Kaizen in Japan is a system of improvement that includes both home and business life. Kaizen even includes social activities. It is a concept that is applied in every aspect of a person's life. In business Kaizen encompasses many of the components of Japanese businesses that have been seen as a part of their success. Quality circles, automation, suggestion systems, just-in-time delivery, Kanban and 5S are all included within the Kaizen system of running a business.

Kaizen involves setting standards and then continually improving those standards. To support the higher standards Kaizen also involves providing the training, materials and supervision that is needed for employees to achieve the higher standards and maintain their ability to meet those standards on an on-going basis.”

The Future of SETMA’s Patient-Centered Medical Hoe

This is part of SETMA’s medical home story (history).  We expect the future to be much more productive and beneficial to our patients, practice and profession than the past.  There are many aspects of our medical home and particularly our medical neighborhood which bridge the past and the future.  These aspects were begun in the past, they are continuing to be developed in the present but the ultimate value and fruition will be in the future. 

No project is more demonstrative of this than is The Automated Team project. It can be read about by clicking Medical Home/Medical Neighborhood/Automated Team or by clicking on this link:  http://www.setma.com/EPM-Tools/Automated-Team-Tutorial-for-the-EMR-Automated-Team-Function

We hope as there were only 0.1% of primary medical practices pursuing medical home when we began our pilgrimage, and as there are presently approximately 15% of practice that are medical home in the United States, that in five years more than 50% of practices will be medical homes and in ten years more than 80% will be transforming themselves into medical homes. If our experience and if our telling of our story help in this process, the effort and cost of this website will have been worth it.

A Celebratory Spirit

We will pursue that future in the future, with the same enthusiasm and with the same celebratory spirit with which we pursued the future in the past.   Besides defining our medical home future, in May 1999, we experienced another event which taught us to have a celebratory spirit about the development, progress and improvement in our electronic patient management. In that month, my co-founding partner lamented our level of use of the EHR, when he said, "We aren't even crawling yet." We started using the HER January. 26, 1999. On the 29th, we used the EHR for every patient encounter, and we have done so since. Yet, even with that success, it did seem that we were not moving very fast.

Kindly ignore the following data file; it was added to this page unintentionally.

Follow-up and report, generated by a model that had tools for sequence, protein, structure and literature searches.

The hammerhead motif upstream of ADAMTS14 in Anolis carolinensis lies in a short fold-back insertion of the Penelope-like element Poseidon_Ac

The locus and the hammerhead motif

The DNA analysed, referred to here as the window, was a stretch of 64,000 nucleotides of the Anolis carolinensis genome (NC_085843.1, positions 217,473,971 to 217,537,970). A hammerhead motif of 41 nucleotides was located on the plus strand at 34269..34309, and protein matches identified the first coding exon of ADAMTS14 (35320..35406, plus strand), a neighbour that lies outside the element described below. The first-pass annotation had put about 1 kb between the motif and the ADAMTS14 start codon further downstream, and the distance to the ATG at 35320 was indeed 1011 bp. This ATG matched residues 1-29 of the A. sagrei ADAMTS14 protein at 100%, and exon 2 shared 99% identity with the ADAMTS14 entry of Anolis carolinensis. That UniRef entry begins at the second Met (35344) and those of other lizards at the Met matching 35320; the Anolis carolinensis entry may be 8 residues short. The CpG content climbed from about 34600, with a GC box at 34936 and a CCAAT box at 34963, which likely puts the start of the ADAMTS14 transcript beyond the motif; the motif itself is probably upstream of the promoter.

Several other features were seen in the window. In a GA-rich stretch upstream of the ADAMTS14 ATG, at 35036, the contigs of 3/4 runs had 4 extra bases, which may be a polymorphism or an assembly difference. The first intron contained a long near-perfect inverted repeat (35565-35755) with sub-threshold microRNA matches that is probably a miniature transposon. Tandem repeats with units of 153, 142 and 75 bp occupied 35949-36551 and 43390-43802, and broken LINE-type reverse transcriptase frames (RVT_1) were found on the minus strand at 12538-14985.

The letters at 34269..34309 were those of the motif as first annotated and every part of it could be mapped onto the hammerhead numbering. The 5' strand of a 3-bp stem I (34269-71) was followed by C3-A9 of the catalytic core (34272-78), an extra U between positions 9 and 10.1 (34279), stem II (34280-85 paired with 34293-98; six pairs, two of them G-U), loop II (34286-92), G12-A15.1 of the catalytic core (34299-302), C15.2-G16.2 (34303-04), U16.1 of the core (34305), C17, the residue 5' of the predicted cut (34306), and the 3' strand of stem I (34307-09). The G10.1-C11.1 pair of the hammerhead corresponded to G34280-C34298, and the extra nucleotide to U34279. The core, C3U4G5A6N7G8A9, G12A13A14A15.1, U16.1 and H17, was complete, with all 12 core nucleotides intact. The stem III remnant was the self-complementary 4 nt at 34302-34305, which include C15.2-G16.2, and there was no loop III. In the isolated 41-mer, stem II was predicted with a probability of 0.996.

As I listened to my friend and partner, I said, "When your son turned over in bed for the first time, did you call for your wife and say, 'this dimwitted kid can't even walk, all he can do is turn over in bed?'" He smiled and I continued, "You celebrated his achievement. If a year later, all he was doing was turning over in bed, you would have reason to lament, but for the moment enjoy the progress." I concluded, "If in a year, we are doing no more than we are now, I will join you in your lamentation. But for now, I am going to celebrate what we have achieved even if all we have done is to start our pilgrimage to electronic patient management."

Through the years, our vision has grown as to what electronic patient management is, and we have celebrated each advance from having the lab interface up and running, to using the EHR in the hospital for history and physical examinations, to creating discharge summaries in the EHR, and to using the EHR for daily progress notes. We have celebrated the automation of formulas for calculating the stage of renal disease, Framingham Risk Factors, Cardiometabolic Risk Factors, stages of hypertension, Fredrickson's Classifications of Dyslipidemia, Homeostasis Model Assessment (HOMA) of Insulin Resistance, and the list goes on and on and on.

We continue to dream ,and some would say hallucinate, and we continue to celebrate. As the old adage says, "We ain't what we was, and we ain't what we gonna be, but we're moving forward."  As it has been, it shall be, and in being, we shall continue to become a vision of the future driven by our passion for the present.